IndyCar: Alexander Rossi’s greatness is in real racing; not sim racing

Photo by Chris Graythen/Getty Images

Alexander Rossi’s greatness is on display when he straps himself into a real race car; not a sim rig.

Though the IndyCar iRacing Challenge has provided competition-starved fans a nice diversion during the COVID-19 shutdown, nothing replaces the real thing.

The sights, the sounds, the color, even the smell of racing affects nearly every sense of a race fan at the track. TV also highlights the excitement and technology of racing.

But in order to truly appreciate how great an IndyCar driver truly is, one must watch drivers such as Rossi compete in the No. 27 NAPA Auto Parts Honda in an actual race.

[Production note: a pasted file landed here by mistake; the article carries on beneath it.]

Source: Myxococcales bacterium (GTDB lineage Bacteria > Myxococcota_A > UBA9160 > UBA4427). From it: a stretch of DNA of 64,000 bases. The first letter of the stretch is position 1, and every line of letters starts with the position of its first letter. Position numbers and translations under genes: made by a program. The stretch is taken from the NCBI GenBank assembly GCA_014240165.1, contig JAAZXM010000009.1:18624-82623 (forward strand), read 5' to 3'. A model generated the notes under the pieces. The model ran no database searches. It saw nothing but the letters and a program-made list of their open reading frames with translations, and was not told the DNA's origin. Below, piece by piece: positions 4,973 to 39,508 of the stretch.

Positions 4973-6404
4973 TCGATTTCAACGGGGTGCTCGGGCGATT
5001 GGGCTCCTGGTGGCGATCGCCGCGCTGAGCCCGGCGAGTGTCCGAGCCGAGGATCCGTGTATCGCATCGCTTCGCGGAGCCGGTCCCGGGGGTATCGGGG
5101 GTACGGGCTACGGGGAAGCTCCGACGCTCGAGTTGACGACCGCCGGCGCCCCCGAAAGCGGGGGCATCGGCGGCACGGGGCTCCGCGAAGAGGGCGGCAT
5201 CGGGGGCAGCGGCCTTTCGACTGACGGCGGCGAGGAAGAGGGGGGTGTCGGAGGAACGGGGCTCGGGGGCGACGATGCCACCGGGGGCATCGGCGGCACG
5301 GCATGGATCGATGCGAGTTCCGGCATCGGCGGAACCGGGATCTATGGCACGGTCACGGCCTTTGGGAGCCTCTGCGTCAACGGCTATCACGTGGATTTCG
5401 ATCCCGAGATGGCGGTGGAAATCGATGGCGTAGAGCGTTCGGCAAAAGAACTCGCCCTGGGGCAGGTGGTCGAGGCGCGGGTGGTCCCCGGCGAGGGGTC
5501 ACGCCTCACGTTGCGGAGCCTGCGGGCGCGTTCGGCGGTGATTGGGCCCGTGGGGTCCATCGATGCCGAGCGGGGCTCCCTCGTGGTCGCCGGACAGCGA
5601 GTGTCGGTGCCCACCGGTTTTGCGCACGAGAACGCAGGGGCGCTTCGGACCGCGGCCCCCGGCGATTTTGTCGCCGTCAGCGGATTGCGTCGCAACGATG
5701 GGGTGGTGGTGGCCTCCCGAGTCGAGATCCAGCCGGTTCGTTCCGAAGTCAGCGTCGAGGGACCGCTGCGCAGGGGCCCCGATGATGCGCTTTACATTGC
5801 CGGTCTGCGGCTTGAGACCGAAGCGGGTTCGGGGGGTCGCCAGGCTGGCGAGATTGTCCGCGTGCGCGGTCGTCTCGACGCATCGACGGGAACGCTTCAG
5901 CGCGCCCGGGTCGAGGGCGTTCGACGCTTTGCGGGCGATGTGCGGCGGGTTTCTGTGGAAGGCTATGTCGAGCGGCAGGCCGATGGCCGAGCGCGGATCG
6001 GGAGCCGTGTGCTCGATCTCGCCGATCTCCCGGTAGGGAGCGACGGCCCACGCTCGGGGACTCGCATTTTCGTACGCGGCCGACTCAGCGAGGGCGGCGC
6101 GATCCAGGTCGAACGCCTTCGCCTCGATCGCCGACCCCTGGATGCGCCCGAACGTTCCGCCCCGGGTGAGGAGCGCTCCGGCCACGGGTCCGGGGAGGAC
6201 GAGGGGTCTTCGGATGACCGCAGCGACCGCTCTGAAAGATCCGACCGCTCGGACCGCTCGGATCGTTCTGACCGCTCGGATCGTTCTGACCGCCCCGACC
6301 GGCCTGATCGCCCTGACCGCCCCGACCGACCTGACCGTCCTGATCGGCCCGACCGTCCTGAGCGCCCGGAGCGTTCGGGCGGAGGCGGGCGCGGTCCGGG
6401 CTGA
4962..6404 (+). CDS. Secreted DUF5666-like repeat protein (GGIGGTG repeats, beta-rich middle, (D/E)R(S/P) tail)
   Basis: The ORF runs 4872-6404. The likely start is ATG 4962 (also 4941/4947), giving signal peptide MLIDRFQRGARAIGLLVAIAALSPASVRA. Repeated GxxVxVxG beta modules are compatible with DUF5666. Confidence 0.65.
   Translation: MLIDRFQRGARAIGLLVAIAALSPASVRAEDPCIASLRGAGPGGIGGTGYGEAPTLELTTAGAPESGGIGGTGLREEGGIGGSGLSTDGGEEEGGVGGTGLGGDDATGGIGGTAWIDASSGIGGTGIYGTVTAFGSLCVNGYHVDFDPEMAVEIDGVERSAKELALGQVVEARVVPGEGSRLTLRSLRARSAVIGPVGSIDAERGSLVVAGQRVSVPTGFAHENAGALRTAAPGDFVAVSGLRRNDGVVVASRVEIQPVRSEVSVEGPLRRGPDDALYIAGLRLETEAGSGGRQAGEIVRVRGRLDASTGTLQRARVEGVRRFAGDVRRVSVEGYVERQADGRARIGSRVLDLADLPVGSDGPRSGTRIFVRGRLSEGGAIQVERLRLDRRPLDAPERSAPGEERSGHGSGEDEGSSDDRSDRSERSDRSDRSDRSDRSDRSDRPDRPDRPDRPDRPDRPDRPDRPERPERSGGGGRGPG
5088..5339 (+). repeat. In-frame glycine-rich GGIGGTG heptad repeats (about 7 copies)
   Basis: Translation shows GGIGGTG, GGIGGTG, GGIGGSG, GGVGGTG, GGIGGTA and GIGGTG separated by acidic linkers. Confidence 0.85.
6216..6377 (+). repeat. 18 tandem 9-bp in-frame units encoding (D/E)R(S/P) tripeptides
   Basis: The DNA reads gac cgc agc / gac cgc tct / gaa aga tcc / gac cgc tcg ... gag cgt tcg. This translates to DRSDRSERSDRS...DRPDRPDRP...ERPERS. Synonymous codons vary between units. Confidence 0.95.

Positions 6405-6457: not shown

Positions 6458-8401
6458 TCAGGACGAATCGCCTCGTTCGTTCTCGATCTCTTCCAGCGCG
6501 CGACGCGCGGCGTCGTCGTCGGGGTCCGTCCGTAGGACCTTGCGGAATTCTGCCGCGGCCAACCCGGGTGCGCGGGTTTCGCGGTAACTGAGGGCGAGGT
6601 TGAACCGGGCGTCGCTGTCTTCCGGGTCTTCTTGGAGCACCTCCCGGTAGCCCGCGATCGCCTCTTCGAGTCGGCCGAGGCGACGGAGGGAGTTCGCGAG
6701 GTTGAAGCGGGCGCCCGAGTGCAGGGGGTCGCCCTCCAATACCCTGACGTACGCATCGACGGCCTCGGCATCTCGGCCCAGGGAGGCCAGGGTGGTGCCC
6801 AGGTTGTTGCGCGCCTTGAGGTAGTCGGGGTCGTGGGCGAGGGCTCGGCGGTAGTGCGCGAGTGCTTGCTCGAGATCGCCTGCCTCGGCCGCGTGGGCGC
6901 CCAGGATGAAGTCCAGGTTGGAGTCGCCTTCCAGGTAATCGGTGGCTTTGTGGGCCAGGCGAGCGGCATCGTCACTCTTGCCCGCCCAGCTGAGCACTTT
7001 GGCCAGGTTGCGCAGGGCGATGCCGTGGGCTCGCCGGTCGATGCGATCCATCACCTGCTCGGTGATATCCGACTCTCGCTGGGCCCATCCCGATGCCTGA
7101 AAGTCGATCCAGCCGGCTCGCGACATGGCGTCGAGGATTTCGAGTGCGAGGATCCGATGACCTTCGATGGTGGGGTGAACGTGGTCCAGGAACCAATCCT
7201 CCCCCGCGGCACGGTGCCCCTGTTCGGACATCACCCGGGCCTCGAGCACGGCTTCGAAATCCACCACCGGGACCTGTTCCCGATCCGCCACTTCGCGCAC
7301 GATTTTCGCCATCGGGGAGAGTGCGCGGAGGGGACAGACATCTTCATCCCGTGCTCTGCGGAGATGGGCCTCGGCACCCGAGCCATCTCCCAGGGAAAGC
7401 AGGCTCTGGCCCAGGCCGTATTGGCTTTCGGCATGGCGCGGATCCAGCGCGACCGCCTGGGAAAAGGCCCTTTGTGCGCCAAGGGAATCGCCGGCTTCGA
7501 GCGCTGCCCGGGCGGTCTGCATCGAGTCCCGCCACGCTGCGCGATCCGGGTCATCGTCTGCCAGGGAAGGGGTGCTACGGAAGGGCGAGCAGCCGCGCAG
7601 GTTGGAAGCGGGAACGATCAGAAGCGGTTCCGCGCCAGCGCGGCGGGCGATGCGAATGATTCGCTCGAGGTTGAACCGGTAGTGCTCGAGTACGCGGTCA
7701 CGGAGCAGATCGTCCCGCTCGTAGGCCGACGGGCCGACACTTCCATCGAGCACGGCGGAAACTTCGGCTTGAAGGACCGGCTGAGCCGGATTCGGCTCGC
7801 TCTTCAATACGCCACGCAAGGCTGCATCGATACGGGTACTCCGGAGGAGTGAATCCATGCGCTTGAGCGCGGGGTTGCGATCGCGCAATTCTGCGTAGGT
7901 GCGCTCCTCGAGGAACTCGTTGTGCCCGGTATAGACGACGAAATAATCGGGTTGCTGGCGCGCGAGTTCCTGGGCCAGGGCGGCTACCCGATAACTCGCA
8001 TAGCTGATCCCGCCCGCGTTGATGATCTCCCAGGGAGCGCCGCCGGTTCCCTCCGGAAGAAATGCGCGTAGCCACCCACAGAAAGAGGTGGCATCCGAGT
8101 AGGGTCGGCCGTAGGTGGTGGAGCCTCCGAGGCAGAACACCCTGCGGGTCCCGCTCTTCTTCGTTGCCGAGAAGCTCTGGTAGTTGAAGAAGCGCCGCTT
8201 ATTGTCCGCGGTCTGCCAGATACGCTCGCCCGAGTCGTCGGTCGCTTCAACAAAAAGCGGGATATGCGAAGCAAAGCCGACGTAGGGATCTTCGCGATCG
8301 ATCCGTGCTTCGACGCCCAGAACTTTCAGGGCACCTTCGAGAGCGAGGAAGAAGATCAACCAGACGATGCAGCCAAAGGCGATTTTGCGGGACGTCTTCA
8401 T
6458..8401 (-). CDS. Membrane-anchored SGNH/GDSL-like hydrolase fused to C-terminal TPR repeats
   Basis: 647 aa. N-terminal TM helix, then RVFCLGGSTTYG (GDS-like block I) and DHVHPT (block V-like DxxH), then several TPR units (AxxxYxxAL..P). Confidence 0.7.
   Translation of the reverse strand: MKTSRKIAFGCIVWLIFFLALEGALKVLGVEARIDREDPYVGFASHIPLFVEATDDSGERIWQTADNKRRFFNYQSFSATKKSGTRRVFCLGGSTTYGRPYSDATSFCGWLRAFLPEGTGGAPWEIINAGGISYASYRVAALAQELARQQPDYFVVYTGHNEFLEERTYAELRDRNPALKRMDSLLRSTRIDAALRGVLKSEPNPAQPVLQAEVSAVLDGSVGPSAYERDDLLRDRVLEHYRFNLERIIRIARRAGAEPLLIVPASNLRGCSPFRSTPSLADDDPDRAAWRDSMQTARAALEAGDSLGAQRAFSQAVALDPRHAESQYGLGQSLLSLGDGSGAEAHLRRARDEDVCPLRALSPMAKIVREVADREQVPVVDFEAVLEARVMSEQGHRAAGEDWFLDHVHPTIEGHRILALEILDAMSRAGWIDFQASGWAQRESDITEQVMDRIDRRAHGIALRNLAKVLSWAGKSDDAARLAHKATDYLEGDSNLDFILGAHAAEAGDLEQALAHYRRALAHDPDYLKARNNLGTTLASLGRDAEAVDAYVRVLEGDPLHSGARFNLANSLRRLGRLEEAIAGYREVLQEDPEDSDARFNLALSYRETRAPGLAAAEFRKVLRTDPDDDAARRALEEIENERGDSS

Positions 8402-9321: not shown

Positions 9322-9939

Many of the younger drivers in IndyCar, have excelled on iRacing from the beginning. Veterans such as Will Power and Simon Pagenaud have used iRacing since 2008.

Rossi, however, was very frank in his assessment early in the IndyCar iRacing Challenge that he’s doing it to help support the series. Once real racing returns, he doesn’t plan on climbing into another sim rig in the future.

“I’m out, I think,” Rossi told recently. “As long as racing returns to normal, I don’t think I’ll be doing this again.”

If the real series had started on schedule for 2020, IndyCar would be coming off the Acura Grand Prix of Long Beach weekend.

Rossi’s celebrates 2019 Long Beach victory — INDYCAR Photo